Symposium to Honor Life of Nobel-Winning Physicist

Issue Date: 
October 15, 2007

After winning the Nobel Prize for Physics in 1991, Pierre-Gilles de Gennes spent two years touring high schools in his native France speaking about science and the benefits of thinking.

The late physicist’s commitment to making science publicly accessible served as inspiration for the Pierre-Gilles de Gennes Memorial Symposium hosted by the physics and astronomy department of the University of Pittsburgh’s School of Arts and Sciences. It will be held from 1 to 5:30 p.m. Friday in 343 Alumni Hall.

De Gennes, who died in May, earned the Nobel Prize for exploring the behavior and formation of complex materials as they transition from order to disorder and applying his findings to explain the behavior of a wide range of the basic matter in nature and technology. His work focused on liquid crystals and polymers, which are long chains of molecules.

Specifically, de Gennes advanced our understanding of polymer movement, enabling better control of polymers such as plastic, rubber, and even DNA. He also disclosed how liquid crystals transform from a transparent to an opaque state, the principle enabling the use of liquid-crystal displays (LCDs) common in computer screens and flat-screen televisions.

On a larger scale, de Gennes showed that equations pertaining to one form of matter could be applied to another even if the physical properties were completely different. “His theory had an extremely broad impact,” said Steven Dytman, Pitt physics professor, who co-organized the symposium with Pitt Emeritus Professor of Physics Walter Goldburg. “He made the idea of ‘what-the-heck’s-going-on-in-there’ understandable so that an important piece of today’s technology could be developed. He was a remarkable guy, and we’re trying to honor his spirit with a conference of general interest.”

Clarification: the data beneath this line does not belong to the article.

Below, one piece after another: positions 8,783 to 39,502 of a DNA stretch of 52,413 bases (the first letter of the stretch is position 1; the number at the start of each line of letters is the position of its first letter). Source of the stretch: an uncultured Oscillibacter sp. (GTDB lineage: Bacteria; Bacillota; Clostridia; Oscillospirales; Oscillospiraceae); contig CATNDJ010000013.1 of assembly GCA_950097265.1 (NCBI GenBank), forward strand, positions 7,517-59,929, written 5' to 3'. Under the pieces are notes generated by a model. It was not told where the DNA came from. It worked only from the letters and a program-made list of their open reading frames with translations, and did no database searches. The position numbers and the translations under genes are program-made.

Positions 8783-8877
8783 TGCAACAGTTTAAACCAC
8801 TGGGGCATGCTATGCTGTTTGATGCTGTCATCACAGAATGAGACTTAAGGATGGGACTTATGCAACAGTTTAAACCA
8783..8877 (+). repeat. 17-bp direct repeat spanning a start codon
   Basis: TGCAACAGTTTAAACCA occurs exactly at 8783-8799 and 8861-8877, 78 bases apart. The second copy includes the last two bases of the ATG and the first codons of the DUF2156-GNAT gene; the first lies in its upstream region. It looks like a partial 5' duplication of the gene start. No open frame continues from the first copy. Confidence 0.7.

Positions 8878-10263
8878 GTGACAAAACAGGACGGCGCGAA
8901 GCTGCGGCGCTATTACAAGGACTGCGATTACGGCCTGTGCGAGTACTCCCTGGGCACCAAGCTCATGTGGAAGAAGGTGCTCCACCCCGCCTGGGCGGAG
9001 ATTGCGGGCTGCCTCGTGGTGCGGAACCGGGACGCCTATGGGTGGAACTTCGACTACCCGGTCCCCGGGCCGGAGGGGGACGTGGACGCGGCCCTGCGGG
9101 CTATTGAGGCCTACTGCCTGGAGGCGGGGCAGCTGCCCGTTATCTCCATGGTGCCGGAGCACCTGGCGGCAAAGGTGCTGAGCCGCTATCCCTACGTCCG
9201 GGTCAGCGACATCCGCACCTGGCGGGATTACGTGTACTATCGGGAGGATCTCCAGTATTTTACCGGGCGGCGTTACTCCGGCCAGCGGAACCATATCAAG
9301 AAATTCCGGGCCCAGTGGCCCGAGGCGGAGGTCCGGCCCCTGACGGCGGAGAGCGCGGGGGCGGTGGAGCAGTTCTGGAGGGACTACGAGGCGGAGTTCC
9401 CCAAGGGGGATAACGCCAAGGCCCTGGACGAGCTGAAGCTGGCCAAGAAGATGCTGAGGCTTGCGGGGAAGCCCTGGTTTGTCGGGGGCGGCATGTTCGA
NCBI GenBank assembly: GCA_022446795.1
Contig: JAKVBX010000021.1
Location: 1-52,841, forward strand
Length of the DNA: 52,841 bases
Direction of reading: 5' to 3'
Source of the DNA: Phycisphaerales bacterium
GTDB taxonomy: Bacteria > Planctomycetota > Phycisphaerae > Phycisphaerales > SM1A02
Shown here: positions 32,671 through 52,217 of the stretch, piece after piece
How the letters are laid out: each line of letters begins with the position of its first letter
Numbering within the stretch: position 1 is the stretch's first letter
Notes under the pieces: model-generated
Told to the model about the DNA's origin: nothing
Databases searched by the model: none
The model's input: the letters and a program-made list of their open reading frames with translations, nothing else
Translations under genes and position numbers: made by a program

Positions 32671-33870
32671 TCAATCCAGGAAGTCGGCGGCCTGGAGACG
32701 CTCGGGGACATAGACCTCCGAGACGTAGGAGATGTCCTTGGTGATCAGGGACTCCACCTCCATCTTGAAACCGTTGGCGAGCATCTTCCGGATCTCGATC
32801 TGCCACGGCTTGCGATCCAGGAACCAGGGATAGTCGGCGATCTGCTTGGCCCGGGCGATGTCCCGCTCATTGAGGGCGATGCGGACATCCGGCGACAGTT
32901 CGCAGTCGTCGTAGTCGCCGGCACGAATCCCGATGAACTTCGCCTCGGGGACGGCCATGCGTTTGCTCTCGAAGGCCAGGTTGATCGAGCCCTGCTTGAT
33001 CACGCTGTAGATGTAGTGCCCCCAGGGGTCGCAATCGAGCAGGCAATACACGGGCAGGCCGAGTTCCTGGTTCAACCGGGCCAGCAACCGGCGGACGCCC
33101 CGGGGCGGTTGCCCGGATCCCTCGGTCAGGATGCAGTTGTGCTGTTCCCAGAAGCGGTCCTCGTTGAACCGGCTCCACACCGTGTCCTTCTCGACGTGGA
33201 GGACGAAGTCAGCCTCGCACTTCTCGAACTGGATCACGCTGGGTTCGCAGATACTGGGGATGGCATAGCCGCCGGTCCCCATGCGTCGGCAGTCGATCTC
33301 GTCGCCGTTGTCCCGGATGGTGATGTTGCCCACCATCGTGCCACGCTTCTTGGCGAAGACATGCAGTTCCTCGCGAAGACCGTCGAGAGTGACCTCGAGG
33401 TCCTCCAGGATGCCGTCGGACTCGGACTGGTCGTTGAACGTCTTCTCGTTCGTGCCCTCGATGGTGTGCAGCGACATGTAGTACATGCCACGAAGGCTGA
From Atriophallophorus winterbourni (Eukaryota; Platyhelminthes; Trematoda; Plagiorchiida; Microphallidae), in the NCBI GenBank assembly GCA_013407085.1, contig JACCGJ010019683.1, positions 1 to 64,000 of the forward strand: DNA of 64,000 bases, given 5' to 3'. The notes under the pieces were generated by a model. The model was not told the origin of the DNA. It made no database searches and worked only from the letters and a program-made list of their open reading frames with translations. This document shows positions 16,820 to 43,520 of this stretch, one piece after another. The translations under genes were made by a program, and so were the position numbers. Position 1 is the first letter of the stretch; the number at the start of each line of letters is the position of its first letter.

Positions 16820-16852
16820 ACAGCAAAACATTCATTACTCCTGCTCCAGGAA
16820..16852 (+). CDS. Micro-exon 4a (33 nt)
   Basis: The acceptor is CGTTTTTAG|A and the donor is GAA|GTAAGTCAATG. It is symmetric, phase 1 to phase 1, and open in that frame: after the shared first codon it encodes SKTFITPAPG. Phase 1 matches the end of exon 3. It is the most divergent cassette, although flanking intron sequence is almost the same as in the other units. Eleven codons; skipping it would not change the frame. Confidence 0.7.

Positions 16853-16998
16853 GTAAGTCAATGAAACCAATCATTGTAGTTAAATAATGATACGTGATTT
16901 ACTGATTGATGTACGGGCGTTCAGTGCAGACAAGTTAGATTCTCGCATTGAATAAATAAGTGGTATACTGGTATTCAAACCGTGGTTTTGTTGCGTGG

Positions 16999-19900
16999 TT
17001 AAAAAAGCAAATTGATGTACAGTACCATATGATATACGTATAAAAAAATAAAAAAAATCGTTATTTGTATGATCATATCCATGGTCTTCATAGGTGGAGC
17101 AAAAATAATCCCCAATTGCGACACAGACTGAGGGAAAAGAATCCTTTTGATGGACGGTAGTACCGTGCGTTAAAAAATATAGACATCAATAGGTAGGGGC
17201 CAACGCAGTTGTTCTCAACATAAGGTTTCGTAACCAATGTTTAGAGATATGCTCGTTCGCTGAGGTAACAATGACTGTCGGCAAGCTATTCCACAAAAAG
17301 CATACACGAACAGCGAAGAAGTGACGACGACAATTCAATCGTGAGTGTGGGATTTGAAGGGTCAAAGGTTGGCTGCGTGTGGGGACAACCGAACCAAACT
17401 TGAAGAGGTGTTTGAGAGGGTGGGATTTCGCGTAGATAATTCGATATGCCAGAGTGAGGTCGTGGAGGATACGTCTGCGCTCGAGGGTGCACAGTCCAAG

To honor his life and work, Dytman and Goldburg invited de Gennes’ colleagues to discuss his lasting influence on science. Among those scheduled to speak at the symposium is the mother of de Gennes’ children, physicist Francoise Brochard-Wyart of the Laboratoire de Physico Chemie Curie in Paris, who will show a video of de Gennes.

The symposium schedule follows.

1 p.m.—Introduction

1:10 p.m.—Francoise Brochard-Wyart of Laboratoire de Physico Chemie Curie will present “Reflections on Pierre-Gilles de Gennes.”

2:10 p.m.—Tom Lubensky of the University of Pennsylvania will discuss de Gennes’ work with liquid crystal.

3:10 p.m.—Refreshments

3:30 p.m.—Fyl Pincus of the University of California at Santa Barbara will deliver a presentation titled “The Role of de Gennes in the Polymer Revolution.”

4 p.m.—Yadin Goldschmidt of Pitt’s Department of Physics and Astronomy will present “A Taste of de Gennes’ Contributions to Superconductivity and Polymer Physics.”

4:30 p.m.—Pitt Physics Professor David Jasnow will discuss coming of age and working in the de Gennes era.

5:30 p.m.—Reception